Novacom | Award-winning digital marketing and customer experience agency
Novacom | Award-winning digital marketing and customer experience agency
Building your personal brand with LinkedIn

Building your personal brand with LinkedIn

Launched in 2003, and with over 830 million global members, LinkedIn is a valuable platform for bringing professionals together.

LinkedIn enables you to make connections, keep up with the latest industry trends and events, and establish yourself within the industry or area in which you specialise.

When building your personal brand, you are creating an image of yourself to be noticed by other professionals who share similar interests with you, as well as opportunities to cross-promote your business.

4 steps to building your LinkedIn personal brand


Like with any other social media platform, the first thing you need to get right is your profile, so other members know who you are, and what you are all about. This will help improve your visibility and ranking on the platform.

Profiles with quality headshots get up to 14x the profile views than those with poorer quality images

It may sound simple, but a good quality headshot is vital. You should also consider a branded or professionally created banner which shows what you do (text or image based).

Instead of just adding your name, consider adding an emoji at the start to help you stand-out, then add a descriptive headline which could include your job title, and a brief description of what you do.

Next comes your profile summary. Here you have 2,000 characters to really sell yourself. Try to focus on who you are, how you help people, who you help, examples of what you’ve helped customers/clients achieve, and how people can contact you. Consider breaking the content down into easy-to-read sections.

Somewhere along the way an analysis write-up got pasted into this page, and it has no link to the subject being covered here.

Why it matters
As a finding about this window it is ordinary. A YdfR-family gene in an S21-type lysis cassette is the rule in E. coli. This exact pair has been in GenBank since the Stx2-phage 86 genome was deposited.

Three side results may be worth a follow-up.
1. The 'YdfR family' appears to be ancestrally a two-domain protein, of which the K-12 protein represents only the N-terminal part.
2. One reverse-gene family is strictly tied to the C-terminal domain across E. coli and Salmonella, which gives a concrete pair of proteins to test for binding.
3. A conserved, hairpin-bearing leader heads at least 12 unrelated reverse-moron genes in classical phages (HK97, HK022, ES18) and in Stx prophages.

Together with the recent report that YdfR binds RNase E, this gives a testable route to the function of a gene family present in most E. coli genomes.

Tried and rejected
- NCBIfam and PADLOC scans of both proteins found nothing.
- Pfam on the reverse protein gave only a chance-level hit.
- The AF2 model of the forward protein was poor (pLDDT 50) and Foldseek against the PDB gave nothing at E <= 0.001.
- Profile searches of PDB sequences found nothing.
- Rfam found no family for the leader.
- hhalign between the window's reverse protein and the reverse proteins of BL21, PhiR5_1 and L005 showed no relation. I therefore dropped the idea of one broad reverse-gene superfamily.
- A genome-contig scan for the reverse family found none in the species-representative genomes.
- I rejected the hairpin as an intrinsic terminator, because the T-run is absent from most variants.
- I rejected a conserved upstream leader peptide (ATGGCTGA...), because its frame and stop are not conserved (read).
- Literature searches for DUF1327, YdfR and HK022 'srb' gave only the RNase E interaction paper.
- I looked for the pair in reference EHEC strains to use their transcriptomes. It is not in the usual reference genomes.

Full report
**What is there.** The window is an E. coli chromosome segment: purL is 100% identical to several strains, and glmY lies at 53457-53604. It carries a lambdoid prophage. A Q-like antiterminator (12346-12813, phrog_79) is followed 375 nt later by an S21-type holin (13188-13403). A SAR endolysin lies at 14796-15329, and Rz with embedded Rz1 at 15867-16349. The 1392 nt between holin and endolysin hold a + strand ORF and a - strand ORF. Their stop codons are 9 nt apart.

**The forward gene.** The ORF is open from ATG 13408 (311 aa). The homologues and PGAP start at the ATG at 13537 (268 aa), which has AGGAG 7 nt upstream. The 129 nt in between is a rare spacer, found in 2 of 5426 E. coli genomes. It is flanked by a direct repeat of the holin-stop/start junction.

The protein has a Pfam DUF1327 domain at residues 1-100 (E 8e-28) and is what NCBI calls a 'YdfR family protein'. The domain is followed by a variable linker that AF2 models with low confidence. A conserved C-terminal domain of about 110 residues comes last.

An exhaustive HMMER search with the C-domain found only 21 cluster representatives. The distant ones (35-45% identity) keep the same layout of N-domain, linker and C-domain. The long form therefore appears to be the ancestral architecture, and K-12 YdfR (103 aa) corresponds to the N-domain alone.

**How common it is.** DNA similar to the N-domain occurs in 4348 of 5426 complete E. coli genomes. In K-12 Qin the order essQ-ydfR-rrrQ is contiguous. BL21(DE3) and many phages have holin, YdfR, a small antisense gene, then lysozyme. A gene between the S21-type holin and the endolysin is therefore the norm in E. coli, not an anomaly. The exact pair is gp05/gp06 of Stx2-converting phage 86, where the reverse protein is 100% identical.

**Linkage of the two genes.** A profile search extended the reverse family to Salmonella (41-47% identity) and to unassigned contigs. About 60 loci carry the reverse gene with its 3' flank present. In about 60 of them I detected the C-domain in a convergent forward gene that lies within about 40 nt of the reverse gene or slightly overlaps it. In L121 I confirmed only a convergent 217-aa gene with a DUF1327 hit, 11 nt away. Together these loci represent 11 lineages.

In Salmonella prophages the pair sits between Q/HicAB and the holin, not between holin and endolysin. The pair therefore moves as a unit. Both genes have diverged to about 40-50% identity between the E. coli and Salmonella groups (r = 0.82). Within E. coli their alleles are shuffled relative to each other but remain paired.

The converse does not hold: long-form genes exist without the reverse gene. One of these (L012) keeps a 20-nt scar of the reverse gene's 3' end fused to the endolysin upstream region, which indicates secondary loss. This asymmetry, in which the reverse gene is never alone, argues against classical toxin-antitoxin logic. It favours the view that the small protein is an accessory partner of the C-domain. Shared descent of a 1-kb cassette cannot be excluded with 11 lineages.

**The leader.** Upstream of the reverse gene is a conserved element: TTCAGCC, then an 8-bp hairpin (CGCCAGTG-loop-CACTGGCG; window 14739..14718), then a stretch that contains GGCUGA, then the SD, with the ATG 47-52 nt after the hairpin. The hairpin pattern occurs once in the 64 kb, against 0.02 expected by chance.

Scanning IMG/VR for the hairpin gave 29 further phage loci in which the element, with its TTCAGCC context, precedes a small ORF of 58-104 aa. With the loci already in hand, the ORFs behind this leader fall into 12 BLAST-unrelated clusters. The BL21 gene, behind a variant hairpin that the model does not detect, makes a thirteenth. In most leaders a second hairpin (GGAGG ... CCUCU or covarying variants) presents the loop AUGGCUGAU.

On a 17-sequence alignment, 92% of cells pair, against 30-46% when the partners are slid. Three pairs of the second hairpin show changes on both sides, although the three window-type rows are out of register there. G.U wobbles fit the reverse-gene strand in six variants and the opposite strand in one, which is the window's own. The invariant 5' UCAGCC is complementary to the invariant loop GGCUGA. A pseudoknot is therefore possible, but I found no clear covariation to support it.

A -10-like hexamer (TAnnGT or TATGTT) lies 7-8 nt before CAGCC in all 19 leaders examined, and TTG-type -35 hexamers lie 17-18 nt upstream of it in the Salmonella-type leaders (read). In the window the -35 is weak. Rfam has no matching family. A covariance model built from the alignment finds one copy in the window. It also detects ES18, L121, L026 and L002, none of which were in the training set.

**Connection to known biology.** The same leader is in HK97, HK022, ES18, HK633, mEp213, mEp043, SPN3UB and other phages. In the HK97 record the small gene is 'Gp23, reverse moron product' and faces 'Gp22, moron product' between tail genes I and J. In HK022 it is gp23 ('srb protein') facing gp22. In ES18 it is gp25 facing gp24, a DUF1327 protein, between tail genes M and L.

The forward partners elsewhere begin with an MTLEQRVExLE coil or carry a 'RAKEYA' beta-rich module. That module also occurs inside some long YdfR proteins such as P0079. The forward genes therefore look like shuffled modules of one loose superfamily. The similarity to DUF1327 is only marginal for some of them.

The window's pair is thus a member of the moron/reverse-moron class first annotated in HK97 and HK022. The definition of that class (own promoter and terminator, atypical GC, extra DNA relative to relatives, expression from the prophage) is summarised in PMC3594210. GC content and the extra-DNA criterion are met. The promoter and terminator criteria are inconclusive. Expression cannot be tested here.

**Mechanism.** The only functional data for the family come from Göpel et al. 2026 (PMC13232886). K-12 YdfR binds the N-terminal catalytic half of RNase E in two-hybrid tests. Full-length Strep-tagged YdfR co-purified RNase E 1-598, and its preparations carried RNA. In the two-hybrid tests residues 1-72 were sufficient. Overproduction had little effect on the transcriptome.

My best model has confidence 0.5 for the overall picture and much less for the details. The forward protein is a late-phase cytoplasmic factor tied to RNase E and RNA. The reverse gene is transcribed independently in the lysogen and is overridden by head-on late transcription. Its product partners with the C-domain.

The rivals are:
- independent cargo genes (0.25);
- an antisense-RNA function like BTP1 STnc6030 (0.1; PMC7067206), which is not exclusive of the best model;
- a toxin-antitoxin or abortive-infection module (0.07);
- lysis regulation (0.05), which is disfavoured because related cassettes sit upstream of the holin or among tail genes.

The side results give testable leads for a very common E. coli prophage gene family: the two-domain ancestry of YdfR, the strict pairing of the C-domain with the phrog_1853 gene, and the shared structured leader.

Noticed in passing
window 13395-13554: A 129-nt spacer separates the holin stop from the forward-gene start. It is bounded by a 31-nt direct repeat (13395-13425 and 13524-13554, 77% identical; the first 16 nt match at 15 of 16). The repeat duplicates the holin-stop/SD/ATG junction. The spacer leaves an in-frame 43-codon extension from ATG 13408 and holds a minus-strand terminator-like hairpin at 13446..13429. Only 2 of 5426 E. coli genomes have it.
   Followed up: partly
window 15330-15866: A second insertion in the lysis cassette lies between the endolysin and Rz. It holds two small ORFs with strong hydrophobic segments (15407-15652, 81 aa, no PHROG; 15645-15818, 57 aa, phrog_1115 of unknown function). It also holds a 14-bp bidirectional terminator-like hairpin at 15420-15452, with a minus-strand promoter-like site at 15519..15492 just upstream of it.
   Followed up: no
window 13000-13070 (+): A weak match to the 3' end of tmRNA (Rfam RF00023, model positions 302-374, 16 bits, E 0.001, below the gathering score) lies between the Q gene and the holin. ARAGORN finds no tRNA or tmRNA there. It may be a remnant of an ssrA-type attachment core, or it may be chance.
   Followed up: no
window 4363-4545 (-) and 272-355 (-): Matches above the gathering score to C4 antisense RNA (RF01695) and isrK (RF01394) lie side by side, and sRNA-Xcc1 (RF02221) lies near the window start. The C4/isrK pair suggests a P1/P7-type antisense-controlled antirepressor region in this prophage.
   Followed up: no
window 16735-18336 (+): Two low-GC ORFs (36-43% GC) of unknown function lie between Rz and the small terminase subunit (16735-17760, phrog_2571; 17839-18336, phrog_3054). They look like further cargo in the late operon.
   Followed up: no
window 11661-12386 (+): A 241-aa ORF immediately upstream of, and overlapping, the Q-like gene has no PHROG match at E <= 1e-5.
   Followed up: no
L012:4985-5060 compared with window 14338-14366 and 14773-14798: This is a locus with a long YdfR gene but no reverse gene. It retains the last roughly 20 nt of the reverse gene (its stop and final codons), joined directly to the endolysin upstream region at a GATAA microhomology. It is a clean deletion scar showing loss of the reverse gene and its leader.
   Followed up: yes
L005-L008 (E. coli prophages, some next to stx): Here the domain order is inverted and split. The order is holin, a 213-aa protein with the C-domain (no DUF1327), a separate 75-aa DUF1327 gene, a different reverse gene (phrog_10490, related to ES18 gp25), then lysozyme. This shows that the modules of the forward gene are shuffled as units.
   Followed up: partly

Make sure you include your contact details in your profile to make it easier for leads to contact you such as your email address and mobile phone number.

Then it’s time to list your skills. Are you endorsed by others for your top 3-5 most relevant skills? If not, ask for a recommendation from others, aiming for 3 at a minimum.

There’s also the ‘Featured’ section – you can use this to promote relevant LinkedIn articles that you have written, or upload presentations/media you are happy sharing publicly.


Growing your network of LinkedIn connections means that you’re connecting to a wide audience. When any of your 1st degree connections engage with your content, it could potentially be seen by any of their 1st degree connections, so you could increase its visibility by up to 30x!

Remember that contacts don’t all need to be prospects, you can choose anyone as long as they are useful and relevant to you and your business.

The average number of LinkedIn connections is between 90 and 1,000

Tip: Don’t try to grow your network too quickly, it needs to be organic. You also
run the risk of getting punished if LinkedIn consider you spamming new connections.
It’s ok to add a few new connections each day but avoid going over 20.